I think about this sometimes, what it would be like to start over, just shut down and reassemble, shed every single layer and do it again, differently. Quit everything, sell everything, pack up and disappear without a trace or a last goodbye. It’s a tempting idea that’s constantly in the back of my head, but I never actually act on it because I have a pretty strong feeling (or strong literary evidence, rather) that that kind of move usually and/or always ends in disillusionment. But that doesn’t mean I’m not tempted. In fact I’m pretty sure the temptation has evolved into a sort of coping mechanism: when things get really awful all I tell myself is “you could leave if you wanted,” and for some reason knowing that, repeating that makes me feel more capable.

– Mila Jaroniec

from “The Winter Vault”

from “The Winter Vault”

…Jean remembered the first time — in the cinema in Morrisburg — that they’d sat together in the dark. Avery had touched her nowhere but her wrist, where the small veins gather. She felt the pressure move along her arm, his fingertip still touching only an inch of her, and she decided. Later, in the bright foyer she was exposed, an invisible disarray; he had crawled a slow fuse under her clothes. And she knew for the first time that someone can wire your skin in a single evening, and that love arrives not by accumulating to a moment, like a drop of water focused on the tip of a branch — it is not the moment of bringing your whole life to another — but rather, it is everything you leave behind. At that moment.

It was as if, long ago, a part of him had broken off inside, and now finally, he recognized the dangerous fragment that had been floating in his system, causing him intermittent pain over the years. As if he could now say of that ache: “Ah. It was you.”

– Anne Michaels

Compensation

Compensation

Our strength grows out of our weakness. Not until we are pricked and stung and sorely shot at, awakens the indignation which arms itself with secret forces. A great man is always willing to be little. Whilst he sits on the cushion of advantages, he goes to sleep. When he is pushed, tormented, defeated, he has a chance to learn something; he has been put on his wits, on his manhood; he has gained facts; learns his ignorance; is cured of the insanity of conceit; has got moderation and real skill. The wise man always throws himself on the side of his assailants. It is more his interest than it is theirs to find his weak point. The wound cicatrizes and falls off from him like a dead skin and when they would triumph, lo! he has passed on invulnerable. Blame is safer than praise. I hate to be defended in a newspaper. As long as all that is said is said against me, I feel a certain assurance of success. But as soon as honied words of praise are spoken for me I feel as one that lies unprotected before his enemies. In general, every evil to which we do not succumb is a benefactor. As the Sandwich Islander believes that the strength and valor of the enemy he kills passes into himself, so we gain the strength of the temptation we resist.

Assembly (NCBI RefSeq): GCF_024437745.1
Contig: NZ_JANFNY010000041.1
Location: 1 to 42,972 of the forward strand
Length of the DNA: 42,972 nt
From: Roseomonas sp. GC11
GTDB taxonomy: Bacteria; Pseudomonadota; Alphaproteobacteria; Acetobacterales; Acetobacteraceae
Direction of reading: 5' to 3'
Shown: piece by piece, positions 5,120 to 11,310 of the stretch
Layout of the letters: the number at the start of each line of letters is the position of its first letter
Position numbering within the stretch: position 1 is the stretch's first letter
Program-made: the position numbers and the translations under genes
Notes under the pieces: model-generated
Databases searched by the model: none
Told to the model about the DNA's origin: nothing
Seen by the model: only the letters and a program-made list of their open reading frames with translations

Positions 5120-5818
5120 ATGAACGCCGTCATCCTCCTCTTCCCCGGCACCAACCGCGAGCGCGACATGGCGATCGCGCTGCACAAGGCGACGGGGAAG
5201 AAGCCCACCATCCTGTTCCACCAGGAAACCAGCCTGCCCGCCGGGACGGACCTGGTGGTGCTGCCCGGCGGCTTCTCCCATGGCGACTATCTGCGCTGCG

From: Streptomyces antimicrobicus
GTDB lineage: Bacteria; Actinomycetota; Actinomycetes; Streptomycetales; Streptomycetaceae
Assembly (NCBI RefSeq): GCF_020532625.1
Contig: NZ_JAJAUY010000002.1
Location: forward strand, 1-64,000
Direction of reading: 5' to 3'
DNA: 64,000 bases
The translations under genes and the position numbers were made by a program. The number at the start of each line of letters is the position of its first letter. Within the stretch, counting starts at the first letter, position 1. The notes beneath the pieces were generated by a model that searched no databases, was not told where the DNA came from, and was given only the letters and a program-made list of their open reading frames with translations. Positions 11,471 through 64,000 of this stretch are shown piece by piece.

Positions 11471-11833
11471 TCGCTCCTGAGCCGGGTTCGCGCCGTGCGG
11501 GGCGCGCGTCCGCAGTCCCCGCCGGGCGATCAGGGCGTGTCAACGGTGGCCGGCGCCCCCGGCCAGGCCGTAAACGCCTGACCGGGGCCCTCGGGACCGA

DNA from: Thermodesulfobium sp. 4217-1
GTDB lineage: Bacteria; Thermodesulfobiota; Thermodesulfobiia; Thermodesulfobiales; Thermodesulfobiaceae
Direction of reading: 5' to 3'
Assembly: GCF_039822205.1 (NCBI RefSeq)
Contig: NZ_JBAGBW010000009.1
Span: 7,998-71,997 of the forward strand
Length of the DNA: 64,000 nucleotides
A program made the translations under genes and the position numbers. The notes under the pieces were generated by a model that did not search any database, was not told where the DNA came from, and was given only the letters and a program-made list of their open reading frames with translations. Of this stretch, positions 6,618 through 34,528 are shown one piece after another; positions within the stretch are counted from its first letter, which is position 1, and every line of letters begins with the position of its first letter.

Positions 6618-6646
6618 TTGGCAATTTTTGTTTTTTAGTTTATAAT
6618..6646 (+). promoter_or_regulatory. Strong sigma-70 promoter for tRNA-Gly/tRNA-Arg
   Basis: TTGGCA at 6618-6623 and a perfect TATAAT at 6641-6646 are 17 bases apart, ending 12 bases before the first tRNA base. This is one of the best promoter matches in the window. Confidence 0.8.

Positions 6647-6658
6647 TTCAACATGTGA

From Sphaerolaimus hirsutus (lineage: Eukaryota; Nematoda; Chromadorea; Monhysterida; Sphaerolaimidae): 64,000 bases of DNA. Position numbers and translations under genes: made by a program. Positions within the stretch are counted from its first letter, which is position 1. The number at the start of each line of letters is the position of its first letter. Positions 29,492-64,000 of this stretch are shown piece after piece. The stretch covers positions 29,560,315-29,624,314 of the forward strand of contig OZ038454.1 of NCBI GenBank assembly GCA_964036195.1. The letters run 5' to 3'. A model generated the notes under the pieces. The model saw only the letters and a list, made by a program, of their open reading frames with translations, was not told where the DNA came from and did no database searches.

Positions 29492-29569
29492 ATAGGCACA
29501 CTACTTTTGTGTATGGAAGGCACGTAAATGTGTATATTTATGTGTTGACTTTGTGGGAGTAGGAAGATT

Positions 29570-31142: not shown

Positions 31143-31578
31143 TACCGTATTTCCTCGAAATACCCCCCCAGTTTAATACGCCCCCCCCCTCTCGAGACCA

– Ralph Waldo Emerson

 

another for the dating profile – “what i’m looking for.” but not many emersons abound.

from “Design Flaws of the Human Condition”

from “Design Flaws of the Human Condition”

And then one student said that happiness is what happens when you go to bed on the hottest night of the summer, a night so hot you can’t even wear a tee-shirt and you sleep on top of the sheets instead of under them, although try to sleep is probably more accurate. And then at some point late, late, late at night, say just a bit before dawn, the heat finally breaks and the night turns into cool and when you briefly wake up, you notice that you’re almost chilly, and in your groggy, half-consciousness, you reach over and pull the sheet around you and just that flimsy sheet makes it warm enough and you drift back off into a deep sleep. And it’s that reaching, that gesture, that reflex we have to pull what’s warm – whether it’s something or someone – toward us, that feeling we get when we do that, that feeling of being sad in the world and ready for sleep, that’s happiness.

– Paul Schmidtberger

from “Written on the Body”

from “Written on the Body”

Who taught you to write in blood on my back? Who taught you to use your hands as branding irons? You have scored your name into my shoulders, referenced me with your mark. The pads of your fingers have become printing blocks, you tap a message on to my skin, tap meaning into my body. Your Morse code interferes with my heart beat. I had a steady heart before I met you, I relied upon it, it had seen active service and grown strong. Now you alter its pace with your own rhythm, you play upon me, drumming me taut.

— Jeanette Winterson